Tuesday, May 15, 2007

The Interstate Voting Compact

Some people just don't like the Electoral College.

True, it's not "one man, one vote". It was never designed to be. This nation was founded as a republic, not a democracy. The Congress isn't "one man, one vote", either, since each of the states has the same number of senators. The electoral college, like the twin-house Congress, was a compromise necessary to create our nation. It's served us well for over 230 years.

It's happened before, but in 2000, George Bush won in electoral votes but not in the popular vote. Democrats have never forgiven President Bush for winning according to the rules, and neither have they forgiven the Founding Fathers for creating the system that allowed President Bush to win the election.

So they want to change the rules by creating the Interstate Voting Compact.

The Constitution gives to the states the authority to choose their own presidential electors, and with this compact states would agree to give all their electors to the winner of the national popular vote. It's an attempt to get around the Constitution, and this post spells out some of the legal pitfalls of the idea.

I have a better idea, one easier to implement and less fraught with Constitutional peril. Why not just have the state allocate electors in proportion to the vote count in that state? In other words, if Candidate X gets 43% of the vote, Candidate Y gets 38% of the vote, and Candidate Z gets 19% of the vote, just designate 43% of the state's electors to vote for X, etc. That's much more "one man, one vote"-like than what California and many states currently do, which is to allocate all of the state's electors to whoever wins the popular vote in the state.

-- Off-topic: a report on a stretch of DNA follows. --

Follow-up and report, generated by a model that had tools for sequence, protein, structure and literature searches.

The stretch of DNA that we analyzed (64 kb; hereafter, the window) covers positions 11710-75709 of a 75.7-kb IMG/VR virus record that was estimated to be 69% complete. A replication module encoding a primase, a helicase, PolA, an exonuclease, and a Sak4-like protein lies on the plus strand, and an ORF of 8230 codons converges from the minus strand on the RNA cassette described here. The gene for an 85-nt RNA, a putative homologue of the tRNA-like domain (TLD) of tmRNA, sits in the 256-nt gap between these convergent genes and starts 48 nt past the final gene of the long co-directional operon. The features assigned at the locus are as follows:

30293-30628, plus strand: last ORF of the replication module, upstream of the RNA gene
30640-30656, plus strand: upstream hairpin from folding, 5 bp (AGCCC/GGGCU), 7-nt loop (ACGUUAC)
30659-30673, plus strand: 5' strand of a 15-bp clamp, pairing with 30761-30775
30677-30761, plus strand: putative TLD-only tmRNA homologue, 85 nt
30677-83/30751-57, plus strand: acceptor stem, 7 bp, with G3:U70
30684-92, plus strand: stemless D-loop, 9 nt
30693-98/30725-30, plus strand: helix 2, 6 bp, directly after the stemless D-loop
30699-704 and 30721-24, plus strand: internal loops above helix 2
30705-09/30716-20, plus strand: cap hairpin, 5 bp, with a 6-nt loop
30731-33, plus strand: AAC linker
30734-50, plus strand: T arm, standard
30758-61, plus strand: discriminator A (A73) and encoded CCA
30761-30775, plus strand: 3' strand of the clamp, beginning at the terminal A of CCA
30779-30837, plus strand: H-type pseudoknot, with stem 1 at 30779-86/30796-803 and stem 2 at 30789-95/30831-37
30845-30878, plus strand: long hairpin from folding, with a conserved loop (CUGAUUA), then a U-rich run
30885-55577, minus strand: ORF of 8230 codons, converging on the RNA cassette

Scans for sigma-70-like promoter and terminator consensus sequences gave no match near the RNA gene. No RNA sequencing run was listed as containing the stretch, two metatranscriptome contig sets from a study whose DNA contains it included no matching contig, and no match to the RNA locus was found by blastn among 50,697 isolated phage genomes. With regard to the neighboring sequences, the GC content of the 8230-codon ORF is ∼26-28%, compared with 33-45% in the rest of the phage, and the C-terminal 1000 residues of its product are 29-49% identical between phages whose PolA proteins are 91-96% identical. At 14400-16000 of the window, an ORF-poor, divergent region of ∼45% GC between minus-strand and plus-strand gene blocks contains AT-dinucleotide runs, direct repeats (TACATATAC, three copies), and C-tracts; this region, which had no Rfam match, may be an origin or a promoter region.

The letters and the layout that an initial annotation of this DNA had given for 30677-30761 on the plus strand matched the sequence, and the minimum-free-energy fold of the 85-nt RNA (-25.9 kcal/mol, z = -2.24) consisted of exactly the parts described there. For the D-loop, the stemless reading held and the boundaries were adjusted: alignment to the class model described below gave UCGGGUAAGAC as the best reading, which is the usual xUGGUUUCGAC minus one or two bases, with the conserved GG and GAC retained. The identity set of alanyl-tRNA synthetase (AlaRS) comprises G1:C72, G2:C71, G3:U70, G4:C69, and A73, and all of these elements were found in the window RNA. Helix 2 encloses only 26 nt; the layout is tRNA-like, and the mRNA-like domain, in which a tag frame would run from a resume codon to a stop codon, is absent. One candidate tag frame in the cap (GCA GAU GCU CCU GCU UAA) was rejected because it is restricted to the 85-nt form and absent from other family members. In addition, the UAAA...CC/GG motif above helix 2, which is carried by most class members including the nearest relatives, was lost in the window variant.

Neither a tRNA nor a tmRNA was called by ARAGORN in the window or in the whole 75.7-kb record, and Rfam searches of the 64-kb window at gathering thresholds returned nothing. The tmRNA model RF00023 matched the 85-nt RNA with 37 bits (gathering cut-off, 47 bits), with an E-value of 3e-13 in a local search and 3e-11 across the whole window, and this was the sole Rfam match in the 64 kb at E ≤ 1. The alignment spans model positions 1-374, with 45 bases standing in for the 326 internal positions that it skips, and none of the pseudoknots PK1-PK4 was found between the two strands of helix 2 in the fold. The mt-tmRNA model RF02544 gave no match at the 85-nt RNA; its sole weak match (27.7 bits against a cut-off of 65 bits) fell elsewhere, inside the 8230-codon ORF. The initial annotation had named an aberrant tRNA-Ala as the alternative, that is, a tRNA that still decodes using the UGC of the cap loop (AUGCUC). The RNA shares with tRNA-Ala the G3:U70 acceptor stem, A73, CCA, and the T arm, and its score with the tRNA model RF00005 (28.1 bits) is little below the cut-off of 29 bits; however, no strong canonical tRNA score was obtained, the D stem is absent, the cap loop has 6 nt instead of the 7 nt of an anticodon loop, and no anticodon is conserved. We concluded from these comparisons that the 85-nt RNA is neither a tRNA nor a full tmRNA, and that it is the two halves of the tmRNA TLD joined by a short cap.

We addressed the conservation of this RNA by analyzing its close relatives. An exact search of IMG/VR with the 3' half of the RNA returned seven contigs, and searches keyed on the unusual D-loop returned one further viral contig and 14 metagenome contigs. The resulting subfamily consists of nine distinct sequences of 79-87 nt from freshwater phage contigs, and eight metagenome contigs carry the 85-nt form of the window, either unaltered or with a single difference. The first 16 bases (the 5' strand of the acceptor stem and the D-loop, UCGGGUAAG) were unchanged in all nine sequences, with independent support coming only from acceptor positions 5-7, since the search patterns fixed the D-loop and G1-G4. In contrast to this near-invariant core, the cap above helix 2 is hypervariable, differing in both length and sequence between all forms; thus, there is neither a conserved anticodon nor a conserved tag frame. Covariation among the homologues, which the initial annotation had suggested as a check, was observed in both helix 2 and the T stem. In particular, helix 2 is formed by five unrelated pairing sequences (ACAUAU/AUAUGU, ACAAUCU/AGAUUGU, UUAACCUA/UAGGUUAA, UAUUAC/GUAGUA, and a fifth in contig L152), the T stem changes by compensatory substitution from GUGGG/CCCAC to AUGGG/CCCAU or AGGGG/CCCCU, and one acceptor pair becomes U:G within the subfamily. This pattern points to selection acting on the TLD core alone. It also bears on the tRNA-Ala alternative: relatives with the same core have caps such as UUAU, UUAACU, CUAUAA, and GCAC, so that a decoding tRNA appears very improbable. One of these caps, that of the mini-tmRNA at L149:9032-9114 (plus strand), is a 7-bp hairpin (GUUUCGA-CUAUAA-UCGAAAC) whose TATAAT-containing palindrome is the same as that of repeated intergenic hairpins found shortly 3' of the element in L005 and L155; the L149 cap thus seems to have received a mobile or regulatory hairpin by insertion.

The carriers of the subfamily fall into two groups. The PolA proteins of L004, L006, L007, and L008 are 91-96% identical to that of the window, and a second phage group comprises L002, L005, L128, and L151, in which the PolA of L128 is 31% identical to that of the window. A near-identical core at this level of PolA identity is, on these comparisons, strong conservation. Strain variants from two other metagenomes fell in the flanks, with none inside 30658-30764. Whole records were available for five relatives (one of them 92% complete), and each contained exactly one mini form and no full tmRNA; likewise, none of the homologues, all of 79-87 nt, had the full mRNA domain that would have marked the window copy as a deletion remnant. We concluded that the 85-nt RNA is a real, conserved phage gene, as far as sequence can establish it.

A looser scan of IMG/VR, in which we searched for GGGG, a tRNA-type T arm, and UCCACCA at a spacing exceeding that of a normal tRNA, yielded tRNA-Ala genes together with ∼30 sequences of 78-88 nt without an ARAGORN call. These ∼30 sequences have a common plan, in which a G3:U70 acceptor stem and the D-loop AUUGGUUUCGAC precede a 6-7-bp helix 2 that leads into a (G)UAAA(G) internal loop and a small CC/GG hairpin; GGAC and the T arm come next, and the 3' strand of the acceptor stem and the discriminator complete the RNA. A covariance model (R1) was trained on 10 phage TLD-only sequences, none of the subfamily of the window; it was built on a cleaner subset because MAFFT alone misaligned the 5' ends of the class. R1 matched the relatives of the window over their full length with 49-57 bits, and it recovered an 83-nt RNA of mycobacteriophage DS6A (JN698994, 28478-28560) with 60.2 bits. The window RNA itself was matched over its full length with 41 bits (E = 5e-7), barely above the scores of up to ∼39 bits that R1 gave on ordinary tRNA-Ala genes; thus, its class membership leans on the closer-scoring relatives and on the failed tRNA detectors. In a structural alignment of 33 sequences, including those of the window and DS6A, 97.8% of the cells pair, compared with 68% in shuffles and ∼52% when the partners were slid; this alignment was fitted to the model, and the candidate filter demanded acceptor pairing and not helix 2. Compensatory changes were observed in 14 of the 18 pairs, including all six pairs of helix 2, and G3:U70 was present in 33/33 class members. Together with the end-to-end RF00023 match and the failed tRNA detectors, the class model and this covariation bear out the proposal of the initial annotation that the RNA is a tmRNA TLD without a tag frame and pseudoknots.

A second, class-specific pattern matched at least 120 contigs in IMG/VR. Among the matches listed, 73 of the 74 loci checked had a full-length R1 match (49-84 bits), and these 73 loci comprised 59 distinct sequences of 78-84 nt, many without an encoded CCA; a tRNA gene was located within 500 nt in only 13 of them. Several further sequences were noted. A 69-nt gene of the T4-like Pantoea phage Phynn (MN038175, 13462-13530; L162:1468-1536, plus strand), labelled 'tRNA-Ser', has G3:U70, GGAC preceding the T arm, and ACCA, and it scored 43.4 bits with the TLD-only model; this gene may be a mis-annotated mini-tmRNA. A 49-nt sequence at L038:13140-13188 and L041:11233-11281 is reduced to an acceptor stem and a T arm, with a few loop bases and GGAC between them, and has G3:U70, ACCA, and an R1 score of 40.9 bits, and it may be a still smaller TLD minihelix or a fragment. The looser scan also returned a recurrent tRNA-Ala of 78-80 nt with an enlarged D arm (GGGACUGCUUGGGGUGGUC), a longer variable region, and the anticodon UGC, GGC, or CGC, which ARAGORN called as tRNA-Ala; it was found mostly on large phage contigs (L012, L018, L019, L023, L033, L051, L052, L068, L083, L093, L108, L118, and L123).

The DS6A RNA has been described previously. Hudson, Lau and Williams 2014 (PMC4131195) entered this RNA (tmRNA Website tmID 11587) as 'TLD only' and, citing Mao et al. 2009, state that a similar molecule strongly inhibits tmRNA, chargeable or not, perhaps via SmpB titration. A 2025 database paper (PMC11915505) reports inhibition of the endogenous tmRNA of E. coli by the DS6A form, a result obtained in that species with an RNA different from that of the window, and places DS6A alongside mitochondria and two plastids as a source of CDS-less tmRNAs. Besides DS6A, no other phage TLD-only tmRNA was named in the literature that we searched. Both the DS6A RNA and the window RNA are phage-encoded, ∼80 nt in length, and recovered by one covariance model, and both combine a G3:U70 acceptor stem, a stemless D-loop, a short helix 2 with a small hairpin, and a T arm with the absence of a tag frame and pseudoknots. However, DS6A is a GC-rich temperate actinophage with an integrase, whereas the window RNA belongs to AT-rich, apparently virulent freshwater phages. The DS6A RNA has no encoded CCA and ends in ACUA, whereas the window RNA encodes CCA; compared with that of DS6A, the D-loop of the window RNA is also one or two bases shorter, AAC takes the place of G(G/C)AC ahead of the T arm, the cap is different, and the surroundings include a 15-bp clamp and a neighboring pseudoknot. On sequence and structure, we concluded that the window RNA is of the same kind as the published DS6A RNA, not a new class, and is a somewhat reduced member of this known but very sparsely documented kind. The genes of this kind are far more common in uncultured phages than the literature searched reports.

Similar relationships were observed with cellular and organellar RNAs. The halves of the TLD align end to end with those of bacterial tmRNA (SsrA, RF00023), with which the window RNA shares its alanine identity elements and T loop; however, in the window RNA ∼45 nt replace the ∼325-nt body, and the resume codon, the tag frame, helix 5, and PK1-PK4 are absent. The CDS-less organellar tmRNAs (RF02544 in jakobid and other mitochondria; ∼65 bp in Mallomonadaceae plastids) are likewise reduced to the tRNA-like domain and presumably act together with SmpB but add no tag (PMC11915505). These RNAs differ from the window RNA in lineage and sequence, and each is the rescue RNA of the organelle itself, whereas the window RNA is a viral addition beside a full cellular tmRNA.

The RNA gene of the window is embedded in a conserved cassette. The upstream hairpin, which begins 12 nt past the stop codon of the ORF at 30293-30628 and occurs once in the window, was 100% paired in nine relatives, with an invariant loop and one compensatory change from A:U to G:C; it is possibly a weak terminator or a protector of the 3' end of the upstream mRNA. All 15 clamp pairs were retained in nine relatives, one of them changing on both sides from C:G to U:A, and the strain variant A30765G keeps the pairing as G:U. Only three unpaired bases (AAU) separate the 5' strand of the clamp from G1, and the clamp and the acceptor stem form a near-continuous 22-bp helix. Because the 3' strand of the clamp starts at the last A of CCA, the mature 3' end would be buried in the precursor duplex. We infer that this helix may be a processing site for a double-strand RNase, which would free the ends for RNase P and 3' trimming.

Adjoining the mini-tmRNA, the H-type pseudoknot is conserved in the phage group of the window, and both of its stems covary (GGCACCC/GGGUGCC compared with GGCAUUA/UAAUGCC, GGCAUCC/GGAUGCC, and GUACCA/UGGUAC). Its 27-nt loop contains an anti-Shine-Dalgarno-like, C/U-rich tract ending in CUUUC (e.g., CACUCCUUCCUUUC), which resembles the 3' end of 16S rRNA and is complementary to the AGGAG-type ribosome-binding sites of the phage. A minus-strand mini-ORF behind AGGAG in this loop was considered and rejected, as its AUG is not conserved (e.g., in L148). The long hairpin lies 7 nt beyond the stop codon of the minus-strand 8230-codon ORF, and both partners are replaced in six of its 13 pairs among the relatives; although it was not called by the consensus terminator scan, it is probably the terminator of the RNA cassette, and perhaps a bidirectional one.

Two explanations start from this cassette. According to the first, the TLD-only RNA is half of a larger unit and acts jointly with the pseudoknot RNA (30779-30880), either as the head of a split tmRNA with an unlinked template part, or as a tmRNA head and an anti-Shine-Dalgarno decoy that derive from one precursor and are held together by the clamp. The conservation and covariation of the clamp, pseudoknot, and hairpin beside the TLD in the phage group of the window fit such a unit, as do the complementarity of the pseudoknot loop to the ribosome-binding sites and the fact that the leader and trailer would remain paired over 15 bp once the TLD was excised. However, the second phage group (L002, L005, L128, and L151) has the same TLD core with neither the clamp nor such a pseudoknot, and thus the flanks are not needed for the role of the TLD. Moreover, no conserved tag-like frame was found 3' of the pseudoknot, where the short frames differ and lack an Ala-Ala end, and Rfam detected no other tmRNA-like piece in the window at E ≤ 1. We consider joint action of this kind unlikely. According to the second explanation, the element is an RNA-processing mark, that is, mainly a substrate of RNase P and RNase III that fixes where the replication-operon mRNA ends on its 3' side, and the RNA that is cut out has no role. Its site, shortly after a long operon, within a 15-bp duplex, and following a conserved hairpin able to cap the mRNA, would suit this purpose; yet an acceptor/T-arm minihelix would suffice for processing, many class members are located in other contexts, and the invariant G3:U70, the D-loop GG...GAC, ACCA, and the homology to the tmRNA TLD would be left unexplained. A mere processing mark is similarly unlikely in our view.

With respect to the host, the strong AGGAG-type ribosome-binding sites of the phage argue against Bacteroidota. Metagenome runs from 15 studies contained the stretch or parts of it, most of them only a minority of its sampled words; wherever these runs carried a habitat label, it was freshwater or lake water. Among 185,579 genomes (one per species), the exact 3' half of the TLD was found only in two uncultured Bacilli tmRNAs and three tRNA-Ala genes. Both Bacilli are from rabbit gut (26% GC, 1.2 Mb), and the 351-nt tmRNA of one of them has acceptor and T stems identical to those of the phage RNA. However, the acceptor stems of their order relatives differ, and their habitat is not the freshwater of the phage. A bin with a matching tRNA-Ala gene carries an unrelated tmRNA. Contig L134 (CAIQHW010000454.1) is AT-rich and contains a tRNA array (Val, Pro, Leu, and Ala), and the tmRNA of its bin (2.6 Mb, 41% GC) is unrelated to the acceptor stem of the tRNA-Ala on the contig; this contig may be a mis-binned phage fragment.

14 comments:

Tony said...

Actually, the US Constitution allows the individual states the rights to choose the method in which they select their electors. There is nothing wrong with exploring new voting systems, and the one you mentioned certainly has its advantages. These new election "technologies" have grown out of math and economics that simply weren't available to the Framers. They're biggest gift to us was a document that is adaptive and gives our republic the fluidity necessary to last as long as it has.

And at the risk of opening old wounds, it could be easily argued that Bush obtained NEITHER the popular nor the electoral vote.

Darren said...

It's only an old wound, Tony, to the Democrats, who refuse even to accept the Supreme Court as the final arbiter in our nation of laws. If you accept as much, then you can't *easily* argue what you state--because you'd be wrong.

Anonymous said...

The idea of allocating a proportion of each state's electoral votes based on the proportion of popular votes within the state is a good idea in theory, however in practice this would require unanimity among the states in deciding how to allocate electoral votes. This would be virtually impossible as the states have the right to allocate electoral votes however they want. The Interstate Compact would effectively yield the same results as the proportional vote would; either way the candidate witht the majority of the popular vote wins the election. However, with the Interstate Compact, such a system is far more likely to come into existence since it requires only a block of states to commit that yield a majority of electoral college votes.

Darren said...

The IVC seems much more anti-democratic to me. It also seems much more Democratic to me.

Robert said...

I think it's a great idea to allocate electoral votes proportionally to the popular vote in the state. However, I think it would cause a huge number of unanticipated problems.